The oldest Bulgarian weekend school in the Greek capital bears the names of the men who created the Slavic alphabet – saints Cyril and Methodius. The school was set up by ambitious parents and teachers in 2004. Today it is attended by close to 190 children – from the age of 3-4 to the 12th grade. For all of them 24 May is a day they very much look forward to. But this year, because of the pandemic, school teachers and school children will not be getting together. Still, they will be celebrating 24 May – with a new book.
To mark the patron saints’ day of their school, the Day of Slavonic Alphabet, Bulgarian Enlightenment and Culture, the Bulgarian weekend school “Saints Cyril and Methodius” put together a collection of translations of Bulgarian poetry by 18 authors. The book came about because teachers and students in Athens wanted to acquaint their Greek friends with part of the Bulgarian literary heritage. The collection includes poems by authors from the age of the National Revival – Petko Rachov Slaveykov, Ivan Vazov, Pencho Slaveykov, as well as poets from more modern times – Damyan Damyanov, Hristo Fotev, Nedyalko Yordanov etc.
“The translations are by present students and former alumni of the weekend school, they are edited by eminent writer and translator Konstantinos Maritsas and aim to continue building the bridge of friendship thrown between the Greek and the Bulgarian nation,” says Mimi Nicheva, long-time headmistress of the school:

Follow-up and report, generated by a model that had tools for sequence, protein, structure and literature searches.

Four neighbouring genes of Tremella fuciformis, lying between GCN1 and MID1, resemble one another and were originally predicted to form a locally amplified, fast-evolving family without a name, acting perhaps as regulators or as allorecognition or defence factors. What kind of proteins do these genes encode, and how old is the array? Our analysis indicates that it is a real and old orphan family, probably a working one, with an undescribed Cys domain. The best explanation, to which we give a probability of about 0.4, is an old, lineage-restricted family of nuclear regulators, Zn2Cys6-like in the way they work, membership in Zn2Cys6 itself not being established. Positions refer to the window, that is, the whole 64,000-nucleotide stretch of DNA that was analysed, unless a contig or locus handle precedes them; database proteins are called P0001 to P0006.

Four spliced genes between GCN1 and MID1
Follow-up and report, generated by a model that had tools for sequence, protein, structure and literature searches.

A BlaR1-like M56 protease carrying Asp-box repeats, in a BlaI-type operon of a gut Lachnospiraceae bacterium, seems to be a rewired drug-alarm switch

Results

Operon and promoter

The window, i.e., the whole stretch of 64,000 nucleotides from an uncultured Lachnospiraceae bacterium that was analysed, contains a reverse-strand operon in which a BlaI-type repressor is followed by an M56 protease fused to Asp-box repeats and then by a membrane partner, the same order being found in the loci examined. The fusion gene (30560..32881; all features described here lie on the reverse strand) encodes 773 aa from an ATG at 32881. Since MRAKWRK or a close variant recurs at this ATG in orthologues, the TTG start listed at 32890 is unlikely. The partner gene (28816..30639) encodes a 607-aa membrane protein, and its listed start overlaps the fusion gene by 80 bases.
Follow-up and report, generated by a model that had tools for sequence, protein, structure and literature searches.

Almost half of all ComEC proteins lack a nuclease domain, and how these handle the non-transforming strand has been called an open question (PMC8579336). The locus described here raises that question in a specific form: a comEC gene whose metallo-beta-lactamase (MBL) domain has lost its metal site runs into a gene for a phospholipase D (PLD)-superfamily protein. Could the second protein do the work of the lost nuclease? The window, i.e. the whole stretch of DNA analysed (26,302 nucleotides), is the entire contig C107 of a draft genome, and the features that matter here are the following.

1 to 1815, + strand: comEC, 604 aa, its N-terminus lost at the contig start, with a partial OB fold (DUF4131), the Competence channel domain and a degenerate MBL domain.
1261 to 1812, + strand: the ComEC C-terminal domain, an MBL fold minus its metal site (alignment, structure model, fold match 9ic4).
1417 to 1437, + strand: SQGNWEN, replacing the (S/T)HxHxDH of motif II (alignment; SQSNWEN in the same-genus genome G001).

“The idea for this collection of poems came about 3-4 years ago when a Greek poet of high standingwas presented at the school whose poetry had been translated into Bulgarian. At the time I said to the translator it would be nice if we could do the opposite – translate Bulgarian literature into Greek. Bulgarian literature has been translated in the past, but only specific authors. It took the children literally a couple of weeks to choose the works and do the translations, the idea being to have one-two works by each poet. We put them in chronological order. I got in touch with the translator and he was delighted with the idea, and he did an excellent job with the editing. The book is now on sale, on the occasion of 24 May, and very much in time for the 140th anniversary of Greek-Bulgarian diplomatic relations. Our idea could be taken up by other schools around the world because it is such a good way to spread Bulgarian culture outside Bulgaria.”
The people who compiled the book say it would even be helpful to students at the university in Athens where a department of Russian language and literature and Slavic studies was set up three years ago, with Bulgarian as an optional second Slavic language.
“Our school, and the other schools in Athens, is attended by children who are well motivated to learn the Bulgarian language and literature. This is so because their chances of being admitted to universities in Greece are slim. Our pupils opt for universities in Bulgaria and this means they have to be well tutored for their studies there. This motivation is something that comes to them when they reach the age of 15-16. I have been at this school for 10 years and I can say that 60% of the children who have graduated from the “Cyril and Methodius” school are students at universities in Bulgaria.”